Nancy Glick

A message for National Minority Health Month: Take obesity seriously

Nancy GlickBy Nancy Glick, Director of Food and Nutrition Policy

As National Minority Health Month in April comes to a close, It is a good time to take stock of the health status of the more than 125 million Americans of color or 38.4 percent of the population now living in this country.

The good news is that improvements in disease prevention are saving lives. For example, more minority women are getting mammogram screenings for breast cancer, getting treatment with antibiotics earlier, and seeking counseling for smoking cessation.  As a consequence, Hispanic, American Indian, and Asian women all have lower death rates from heart disease when compared with white women and breast and lung cancer deaths have been declining steadily among African American women.

But while we can celebrate these advancements, now is the time to be even more mindful of the minority health problems that are often discounted and go untreated. And here, no problem needs our attention more than the disease of obesity, where people of color face an unequal burden of weight-related chronic conditions and premature death due to significant disparities in medical care.

In sheer numbers and its toll on death and disability, obesity has reached crisis proportions in the US. According to the Centers for Disease Control and Prevention, the adult obesity rate now exceeds 40 percent – the highest level ever recorded. And the costs are staggering.  Not only is obesity a serious disease by itself, but it worsens the outcomes of over 230 chronic conditions including type 2 diabetes, heart disease, and certain cancers. Thus, obesity is responsible for 300,000 premature deaths each year and costs the U.S. economy over $1.72 trillion annually in health costs.

But these statistics only begin to document the problem. Obesity disproportionately affects Black and Brown communities and is now one of the most serious health equity issues facing the nation. Due to higher rates of obesity among communities of color, Black adults are 1.5 times as likely to experience stroke, 40 percent are more likely to have high blood pressure and 60 percent are more likely to be diagnosed with diabetes than White adults. Additionally, Hispanics are 1.7 times more likely to have diabetes than Whites, Asian Americans are 40 percent more likely to be diagnosed with diabetes, and Native Hawaiians/Pacific Islanders are 2.5 times more likely to have diabetes and 3.9 times as likely to experience a stroke.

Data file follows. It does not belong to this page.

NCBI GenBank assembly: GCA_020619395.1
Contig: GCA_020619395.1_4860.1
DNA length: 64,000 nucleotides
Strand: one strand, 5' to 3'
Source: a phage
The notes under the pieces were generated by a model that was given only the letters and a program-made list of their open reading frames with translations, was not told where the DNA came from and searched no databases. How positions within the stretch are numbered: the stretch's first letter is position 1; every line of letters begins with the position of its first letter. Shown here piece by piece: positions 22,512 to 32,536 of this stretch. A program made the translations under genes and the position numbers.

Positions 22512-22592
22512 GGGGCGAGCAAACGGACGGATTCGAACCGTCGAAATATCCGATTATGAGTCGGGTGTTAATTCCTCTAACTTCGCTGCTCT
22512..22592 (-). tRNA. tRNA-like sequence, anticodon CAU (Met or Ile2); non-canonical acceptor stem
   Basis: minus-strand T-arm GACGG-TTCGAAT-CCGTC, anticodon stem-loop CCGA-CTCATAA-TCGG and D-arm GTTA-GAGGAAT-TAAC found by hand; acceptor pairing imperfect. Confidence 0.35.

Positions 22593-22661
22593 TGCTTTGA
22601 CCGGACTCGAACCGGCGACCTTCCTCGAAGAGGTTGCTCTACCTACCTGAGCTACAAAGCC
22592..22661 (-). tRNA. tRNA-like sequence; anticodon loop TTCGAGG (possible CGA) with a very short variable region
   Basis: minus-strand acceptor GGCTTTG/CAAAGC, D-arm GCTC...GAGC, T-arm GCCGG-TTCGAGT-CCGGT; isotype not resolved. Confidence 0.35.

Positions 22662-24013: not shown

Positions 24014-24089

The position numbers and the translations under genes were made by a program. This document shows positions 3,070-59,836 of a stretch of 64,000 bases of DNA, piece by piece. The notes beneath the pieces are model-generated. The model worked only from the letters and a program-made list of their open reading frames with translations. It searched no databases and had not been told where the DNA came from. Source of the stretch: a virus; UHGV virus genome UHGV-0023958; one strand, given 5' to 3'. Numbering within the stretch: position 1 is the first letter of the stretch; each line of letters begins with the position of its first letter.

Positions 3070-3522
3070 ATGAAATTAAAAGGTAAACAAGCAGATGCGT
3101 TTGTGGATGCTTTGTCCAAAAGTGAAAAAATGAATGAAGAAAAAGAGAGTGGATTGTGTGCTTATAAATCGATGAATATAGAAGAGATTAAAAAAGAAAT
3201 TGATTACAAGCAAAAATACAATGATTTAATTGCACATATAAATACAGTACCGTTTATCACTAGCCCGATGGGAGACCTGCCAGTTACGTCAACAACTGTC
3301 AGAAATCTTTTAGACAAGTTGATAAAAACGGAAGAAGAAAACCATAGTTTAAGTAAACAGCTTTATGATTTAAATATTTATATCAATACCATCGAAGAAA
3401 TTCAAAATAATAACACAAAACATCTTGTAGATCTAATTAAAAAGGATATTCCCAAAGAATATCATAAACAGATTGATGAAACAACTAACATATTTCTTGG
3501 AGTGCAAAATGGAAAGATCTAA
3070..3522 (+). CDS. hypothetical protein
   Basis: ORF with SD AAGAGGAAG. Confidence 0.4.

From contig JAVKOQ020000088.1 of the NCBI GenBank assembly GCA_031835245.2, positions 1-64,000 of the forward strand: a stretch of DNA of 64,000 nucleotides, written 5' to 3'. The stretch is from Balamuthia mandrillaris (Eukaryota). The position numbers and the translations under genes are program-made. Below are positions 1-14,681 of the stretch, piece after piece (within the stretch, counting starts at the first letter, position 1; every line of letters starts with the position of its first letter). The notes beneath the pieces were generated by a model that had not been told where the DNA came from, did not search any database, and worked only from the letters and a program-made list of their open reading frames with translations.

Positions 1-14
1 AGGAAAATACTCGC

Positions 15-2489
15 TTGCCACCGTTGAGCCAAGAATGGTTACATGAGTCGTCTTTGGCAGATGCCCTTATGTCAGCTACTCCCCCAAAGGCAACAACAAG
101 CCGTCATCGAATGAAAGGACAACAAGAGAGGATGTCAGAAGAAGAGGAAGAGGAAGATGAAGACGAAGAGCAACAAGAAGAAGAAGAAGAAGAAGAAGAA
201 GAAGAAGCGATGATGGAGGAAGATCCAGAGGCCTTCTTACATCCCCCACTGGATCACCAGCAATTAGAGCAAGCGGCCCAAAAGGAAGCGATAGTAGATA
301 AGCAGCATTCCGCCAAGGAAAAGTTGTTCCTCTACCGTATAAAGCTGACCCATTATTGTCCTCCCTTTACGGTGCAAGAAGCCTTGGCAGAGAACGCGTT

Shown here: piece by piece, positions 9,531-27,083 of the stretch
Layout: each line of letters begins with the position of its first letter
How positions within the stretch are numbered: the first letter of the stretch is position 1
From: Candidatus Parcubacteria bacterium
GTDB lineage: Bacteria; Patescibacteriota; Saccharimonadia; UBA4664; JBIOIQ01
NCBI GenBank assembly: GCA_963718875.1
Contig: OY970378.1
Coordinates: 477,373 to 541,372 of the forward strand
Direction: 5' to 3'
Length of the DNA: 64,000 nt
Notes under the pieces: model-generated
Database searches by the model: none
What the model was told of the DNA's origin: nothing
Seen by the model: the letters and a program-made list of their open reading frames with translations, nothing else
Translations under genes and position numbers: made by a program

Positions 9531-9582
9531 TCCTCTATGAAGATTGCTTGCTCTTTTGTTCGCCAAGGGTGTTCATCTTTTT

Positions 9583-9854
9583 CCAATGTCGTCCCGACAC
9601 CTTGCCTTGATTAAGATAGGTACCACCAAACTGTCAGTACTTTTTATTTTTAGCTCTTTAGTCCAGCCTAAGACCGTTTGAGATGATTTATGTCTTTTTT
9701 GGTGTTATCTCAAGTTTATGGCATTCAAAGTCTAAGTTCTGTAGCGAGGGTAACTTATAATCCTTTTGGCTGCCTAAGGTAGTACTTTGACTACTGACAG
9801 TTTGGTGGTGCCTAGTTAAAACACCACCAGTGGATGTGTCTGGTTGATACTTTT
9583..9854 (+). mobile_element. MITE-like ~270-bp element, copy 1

The threat is real, but hand ringing is not the answer. Obesity is a treatable disease, just like type 2 diabetes and hypertension. Yet obesity remains largely undertreated by healthcare providers.  As documented in a National Consumers League report issued in July 2022, 108 million adult Americans have obesity, but only 30 million adults have been diagnosed with the disease (source:  PharMetrics-Ambulatory EMR database, 2018. Novo Nordisk Inc.).

Compounding the problem, only 2 percent of those eligible for treatment with FDA-approved anti-obesity medicines (AOMs) have been prescribed these drugs. This means that very few Americans with obesity are benefiting from a new class of safe and effective medicines that control appetite and cravings to achieve significant weight loss. According to a study published in the New England Journal of Medicine, use of one of these drugs resulted in more than a 20 percent reduction in obesity when added to lifestyle modification.

While there are many reasons why obesity is going undiagnosed and untreated, the most pernicious are insurance barriers that keep people from getting the care they need. This includes government policy that allows states to define what are the essential health benefits that must be covered under any Affordable Care Act (ACA) marketplace plan sold on state health insurance exchanges. Yet, despite the ACA’s guarantees of providing all essential health benefits to consumers, a 2016 analysis by the Obesity Care Advocacy Network (OCAN) found that 24 states excluded coverage for weight/obesity management services in their benchmark marketplace plans, resulting in blatant discrimination against people with obesity.

An equally troubling situation involves the Medicare program, which prohibits coverage for FDA-approved anti-obesity medicines based on a policy dating back to 2003 when these drugs did not exist. This resistance to change leaves millions of seniors, particularly members of Black and Latino communities, vulnerable to disability, disease and premature death due to lack of treatment. Moreover, the extent of the disparities in obesity care will only get worse in the coming years if the status quo remains. As documented in a March 2023 report from AmerisourceBergen, the total number of Black, Native American, Asian, and Hispanics eligible for Medicare is predicted to more than double by 2038, many of whom will have obesity and a different set of chronic conditions than what Medicare is currently prepared to address.